The surfaces of Ben Brandt‘s sculptures are covered in gray. The objects look like they’re a thousand years old, as if they’d just been pulled from some long-ago construction site, waiting to be carefully brushed off and examined. His process of covering things with cement mixture, or in the case of his Co-Lab show that opens tonight, with gray cellulose insulation, makes ordinary things–a hammock, a portrait bust, a used paper cup–seem strange and otherworldly; a fluffy haze of dust.
Brandt moves beyond the finite object in this show entitled All_Over as the entire interior of Co-Lab is blanketed in a thick layer of loose insulation. Objects emerge from the all-over treatment, pushing and pulling between abstraction and figuration, a world of undifferentiated gray and dumb things found in the world. Brandt told me that he was thinking about grotto’s while he was working on this project and specifically cites the Buontalenti Grotto in Boboli Garden, a space filled with classical sculptures and artificial geological formations. A site both romantic and nostalgic crusted over with man made material.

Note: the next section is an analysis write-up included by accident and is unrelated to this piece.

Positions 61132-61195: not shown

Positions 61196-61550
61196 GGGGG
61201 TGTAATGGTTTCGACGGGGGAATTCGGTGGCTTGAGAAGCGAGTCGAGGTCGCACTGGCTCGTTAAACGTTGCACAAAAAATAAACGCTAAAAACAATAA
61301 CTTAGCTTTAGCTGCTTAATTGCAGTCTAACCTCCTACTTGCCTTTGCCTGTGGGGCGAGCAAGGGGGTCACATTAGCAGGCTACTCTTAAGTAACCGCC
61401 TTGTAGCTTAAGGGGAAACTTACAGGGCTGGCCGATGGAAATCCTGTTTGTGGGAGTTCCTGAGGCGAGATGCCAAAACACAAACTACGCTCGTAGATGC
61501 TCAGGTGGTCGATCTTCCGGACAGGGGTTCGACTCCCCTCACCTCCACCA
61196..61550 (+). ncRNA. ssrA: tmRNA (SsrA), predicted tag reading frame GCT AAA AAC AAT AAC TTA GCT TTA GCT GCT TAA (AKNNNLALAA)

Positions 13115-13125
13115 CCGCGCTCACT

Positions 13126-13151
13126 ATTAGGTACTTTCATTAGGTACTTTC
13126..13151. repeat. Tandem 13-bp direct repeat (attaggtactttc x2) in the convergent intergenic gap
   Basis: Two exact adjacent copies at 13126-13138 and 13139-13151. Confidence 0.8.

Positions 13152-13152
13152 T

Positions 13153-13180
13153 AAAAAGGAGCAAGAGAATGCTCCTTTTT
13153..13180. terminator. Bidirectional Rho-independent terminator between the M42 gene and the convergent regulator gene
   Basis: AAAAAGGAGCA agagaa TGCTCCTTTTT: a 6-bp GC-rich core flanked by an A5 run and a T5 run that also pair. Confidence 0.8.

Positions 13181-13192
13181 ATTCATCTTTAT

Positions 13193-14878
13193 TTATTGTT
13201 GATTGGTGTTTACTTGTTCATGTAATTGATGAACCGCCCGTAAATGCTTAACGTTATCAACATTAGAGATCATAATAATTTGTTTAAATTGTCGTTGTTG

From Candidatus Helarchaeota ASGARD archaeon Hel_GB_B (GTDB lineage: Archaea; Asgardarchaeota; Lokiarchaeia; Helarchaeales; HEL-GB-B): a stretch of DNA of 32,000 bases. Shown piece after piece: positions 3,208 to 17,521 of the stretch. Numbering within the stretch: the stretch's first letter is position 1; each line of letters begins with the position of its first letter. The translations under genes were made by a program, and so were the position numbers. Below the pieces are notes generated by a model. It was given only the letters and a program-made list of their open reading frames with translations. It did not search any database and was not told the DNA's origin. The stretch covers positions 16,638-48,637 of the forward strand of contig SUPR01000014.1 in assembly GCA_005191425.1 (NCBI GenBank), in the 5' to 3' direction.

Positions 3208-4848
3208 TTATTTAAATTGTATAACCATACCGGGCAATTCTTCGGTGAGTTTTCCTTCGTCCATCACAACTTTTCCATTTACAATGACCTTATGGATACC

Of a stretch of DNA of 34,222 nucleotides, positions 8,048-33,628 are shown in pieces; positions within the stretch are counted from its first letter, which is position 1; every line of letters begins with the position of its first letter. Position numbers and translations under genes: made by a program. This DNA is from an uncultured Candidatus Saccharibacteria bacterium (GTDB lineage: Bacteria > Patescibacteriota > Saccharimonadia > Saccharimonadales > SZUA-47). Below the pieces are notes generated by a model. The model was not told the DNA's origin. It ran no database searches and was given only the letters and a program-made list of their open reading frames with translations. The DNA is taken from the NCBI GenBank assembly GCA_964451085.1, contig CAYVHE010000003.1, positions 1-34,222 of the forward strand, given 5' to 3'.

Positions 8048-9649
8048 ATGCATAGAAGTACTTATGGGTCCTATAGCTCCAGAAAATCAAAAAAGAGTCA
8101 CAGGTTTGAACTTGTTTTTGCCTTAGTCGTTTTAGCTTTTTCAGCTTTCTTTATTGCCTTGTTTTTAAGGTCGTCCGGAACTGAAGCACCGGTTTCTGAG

Brandt’s site-specific installation recalls the netherworld of structure and insulation, or what he calls the “overlooked grotto-like domestic spaces of the attic and basement crawlspaces.” In one spot, a plaid work shirt emerges, a pattern amidst the gray fuzz, a flag-like banner of construction. The show opens tonight at Co-Lab.